Thursday, December 13, 2012

U.S. Terrorism Agency to Tap a Vast Database of Citizens

We are watching our freedoms disappear before our own eyes. And no one seems to be able to stop it. Aren't the Republicans the party of freedom? And what about the left? Aren't they always ranting on about civil liberties and the threat from law enforcement? This President has not only adopted the Bush playbook but has surpassed his predecessor in attacking fundamental freedoms:

Top U.S. intelligence officials gathered in the White House Situation Room in March to debate a controversial proposal. Counterterrorism officials wanted to create a government dragnet, sweeping up millions of records about U.S. citizens—even people suspected of no crime.

Not everyone was on board. "This is a sea change in the way that the government interacts with the general public," Mary Ellen Callahan, chief privacy officer of the Department of Homeland Security, argued in the meeting, according to people familiar with the discussions.

A week later, the attorney general signed the changes into effect.

Through Freedom of Information Act requests and interviews with officials at numerous agencies, The Wall Street Journal has reconstructed the clash over the counterterrorism program within the administration of President Barack Obama. The debate was a confrontation between some who viewed it as a matter of efficiency—how long to keep data, for instance, or where it should be stored—and others who saw it as granting authority for unprecedented government surveillance of U.S. citizens.

The rules now allow the little-known National Counterterrorism Center to examine the government files of U.S. citizens for possible criminal behavior, even if there is no reason to suspect them. That is a departure from past practice, which barred the agency from storing information about ordinary Americans unless a person was a terror suspect or related to an investigation.

Now, NCTC can copy entire government databases—flight records, casino-employee lists, the names of Americans hosting foreign-exchange students and many others. The agency has new authority to keep data about innocent U.S. citizens for up to five years, and to analyze it for suspicious patterns of behavior. Previously, both were prohibited. Data about Americans "reasonably believed to constitute terrorism information" may be.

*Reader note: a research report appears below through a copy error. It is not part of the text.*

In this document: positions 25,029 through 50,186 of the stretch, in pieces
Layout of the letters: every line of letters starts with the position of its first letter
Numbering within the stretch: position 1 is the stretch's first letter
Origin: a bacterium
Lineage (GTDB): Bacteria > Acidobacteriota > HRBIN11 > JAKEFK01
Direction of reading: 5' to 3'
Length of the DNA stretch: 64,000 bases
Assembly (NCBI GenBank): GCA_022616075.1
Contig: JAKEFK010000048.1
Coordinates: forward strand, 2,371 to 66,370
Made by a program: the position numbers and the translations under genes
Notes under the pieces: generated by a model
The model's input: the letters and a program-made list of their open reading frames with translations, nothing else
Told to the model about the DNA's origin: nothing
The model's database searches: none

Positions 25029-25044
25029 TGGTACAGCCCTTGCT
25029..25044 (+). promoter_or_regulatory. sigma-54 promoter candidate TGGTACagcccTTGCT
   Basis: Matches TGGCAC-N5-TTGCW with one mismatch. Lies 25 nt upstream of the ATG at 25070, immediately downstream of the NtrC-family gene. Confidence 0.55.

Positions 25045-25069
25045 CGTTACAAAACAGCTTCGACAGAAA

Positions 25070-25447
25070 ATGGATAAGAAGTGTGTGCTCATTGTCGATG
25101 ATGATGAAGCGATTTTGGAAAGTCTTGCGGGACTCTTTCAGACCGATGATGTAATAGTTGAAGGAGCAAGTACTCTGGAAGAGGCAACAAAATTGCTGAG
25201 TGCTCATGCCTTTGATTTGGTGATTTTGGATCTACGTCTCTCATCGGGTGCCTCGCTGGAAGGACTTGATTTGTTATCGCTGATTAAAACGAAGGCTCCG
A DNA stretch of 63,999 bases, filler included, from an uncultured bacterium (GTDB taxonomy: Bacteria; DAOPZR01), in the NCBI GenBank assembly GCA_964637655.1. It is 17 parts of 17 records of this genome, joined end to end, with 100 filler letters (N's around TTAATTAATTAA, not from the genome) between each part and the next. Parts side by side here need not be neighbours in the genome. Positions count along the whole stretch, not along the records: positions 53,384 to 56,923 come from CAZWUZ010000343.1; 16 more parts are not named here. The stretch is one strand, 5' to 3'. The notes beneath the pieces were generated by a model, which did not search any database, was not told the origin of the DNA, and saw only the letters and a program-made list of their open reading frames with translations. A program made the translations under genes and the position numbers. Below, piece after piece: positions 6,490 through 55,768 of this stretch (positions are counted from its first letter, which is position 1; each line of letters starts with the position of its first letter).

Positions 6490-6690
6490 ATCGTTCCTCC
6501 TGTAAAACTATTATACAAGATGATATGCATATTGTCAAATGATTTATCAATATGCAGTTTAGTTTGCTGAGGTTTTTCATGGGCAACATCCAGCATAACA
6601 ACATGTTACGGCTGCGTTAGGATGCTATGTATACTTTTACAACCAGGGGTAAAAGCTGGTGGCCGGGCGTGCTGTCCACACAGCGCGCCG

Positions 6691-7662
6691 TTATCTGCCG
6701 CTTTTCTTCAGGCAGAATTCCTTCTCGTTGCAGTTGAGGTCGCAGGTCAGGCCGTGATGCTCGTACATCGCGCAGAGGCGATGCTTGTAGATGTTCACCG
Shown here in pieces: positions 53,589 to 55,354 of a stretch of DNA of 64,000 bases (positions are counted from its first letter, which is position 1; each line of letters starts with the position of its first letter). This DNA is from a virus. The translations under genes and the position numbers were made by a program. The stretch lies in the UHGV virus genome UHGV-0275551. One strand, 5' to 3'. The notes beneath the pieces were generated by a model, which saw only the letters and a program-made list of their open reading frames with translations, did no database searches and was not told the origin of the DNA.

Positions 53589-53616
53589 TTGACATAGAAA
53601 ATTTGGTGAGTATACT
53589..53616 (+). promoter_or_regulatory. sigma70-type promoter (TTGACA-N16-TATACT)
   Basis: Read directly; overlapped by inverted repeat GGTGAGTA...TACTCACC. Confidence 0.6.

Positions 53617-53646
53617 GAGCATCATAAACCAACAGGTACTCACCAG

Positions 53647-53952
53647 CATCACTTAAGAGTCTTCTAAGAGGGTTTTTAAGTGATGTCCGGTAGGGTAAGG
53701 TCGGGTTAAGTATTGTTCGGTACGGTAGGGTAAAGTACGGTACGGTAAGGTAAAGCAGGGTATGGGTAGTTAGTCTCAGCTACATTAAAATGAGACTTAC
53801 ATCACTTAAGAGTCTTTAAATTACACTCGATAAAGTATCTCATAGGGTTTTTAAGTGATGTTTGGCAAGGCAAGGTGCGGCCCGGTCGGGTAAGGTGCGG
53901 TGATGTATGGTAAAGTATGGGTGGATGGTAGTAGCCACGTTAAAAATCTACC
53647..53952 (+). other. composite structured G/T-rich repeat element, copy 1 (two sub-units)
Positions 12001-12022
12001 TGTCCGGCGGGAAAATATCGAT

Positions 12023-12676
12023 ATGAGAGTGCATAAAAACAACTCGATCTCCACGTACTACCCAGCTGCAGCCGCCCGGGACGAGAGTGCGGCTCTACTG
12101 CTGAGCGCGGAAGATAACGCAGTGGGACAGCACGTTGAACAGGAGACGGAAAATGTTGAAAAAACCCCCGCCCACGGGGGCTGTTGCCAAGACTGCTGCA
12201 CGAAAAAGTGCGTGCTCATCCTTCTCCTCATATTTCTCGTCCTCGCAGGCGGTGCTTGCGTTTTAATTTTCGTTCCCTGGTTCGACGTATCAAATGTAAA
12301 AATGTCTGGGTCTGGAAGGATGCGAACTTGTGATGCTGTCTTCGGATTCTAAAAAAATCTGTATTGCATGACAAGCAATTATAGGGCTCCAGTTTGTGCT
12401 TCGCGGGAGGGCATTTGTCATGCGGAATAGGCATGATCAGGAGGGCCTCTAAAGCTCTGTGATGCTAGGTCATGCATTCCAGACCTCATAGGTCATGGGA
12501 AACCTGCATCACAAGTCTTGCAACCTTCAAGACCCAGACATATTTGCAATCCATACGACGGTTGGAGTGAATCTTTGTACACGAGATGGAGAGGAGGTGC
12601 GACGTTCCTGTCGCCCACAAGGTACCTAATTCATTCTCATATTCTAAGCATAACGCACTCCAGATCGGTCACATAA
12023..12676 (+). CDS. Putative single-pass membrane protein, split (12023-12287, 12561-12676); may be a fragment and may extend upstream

Poll: Both Parties to Blame if Fiscal Cliff Talks Fail

Obama Administration Essentially Admits That Some Banks Are Too Big To Jail

We are going to find out what we should have learned in Obama's first term, he is an tool of big business. The failure to criminally prosecute any banker for the massive fraud of that bank is...criminal. More and more we are learning that Occupy Wall Street was right. The government rescued the banks for their criminality rather than prosecute them. The truth can no longer be covered-up:

One of the great things about being too big to fail is that you're also too big to jail, apparently.

So saith the Obama administration, via the New York Times, in its front-page story on Tuesday about HSBC's settlement with the government over money-laundering charges. Though the British banking giant had to pay a wrist-stinging $1.9 billion, the settlement helped it avoid formal criminal charges. The NYT quotes anonymous government officials who say they were skittish about indicting HSBC because formal charges would amount to a "death penalty" for the bank, potentially roiling the financial system.

This is at least three very specific flavors of bullshit.

Right-to-Work Laws Harm the Middle Class


States should not pass so-called "right-to-work" laws because they are a body blow to the middle class and undermine a state's economy. Unions are essential for building a strong middle class, yet right-to-work laws weaken unions by making them provide services without being paid for them—forcing certain workers to pay the costs of union representation for all workers.

And by harming the middle class, these laws hurt the economy because a strong middle class leads to additional business investment, greater entrepreneurship, more growth-enhancing public policy, and higher levels of trust that facilitate business transactions.

The evidence that 'right-to-work' laws harm the middle class is crystal clear...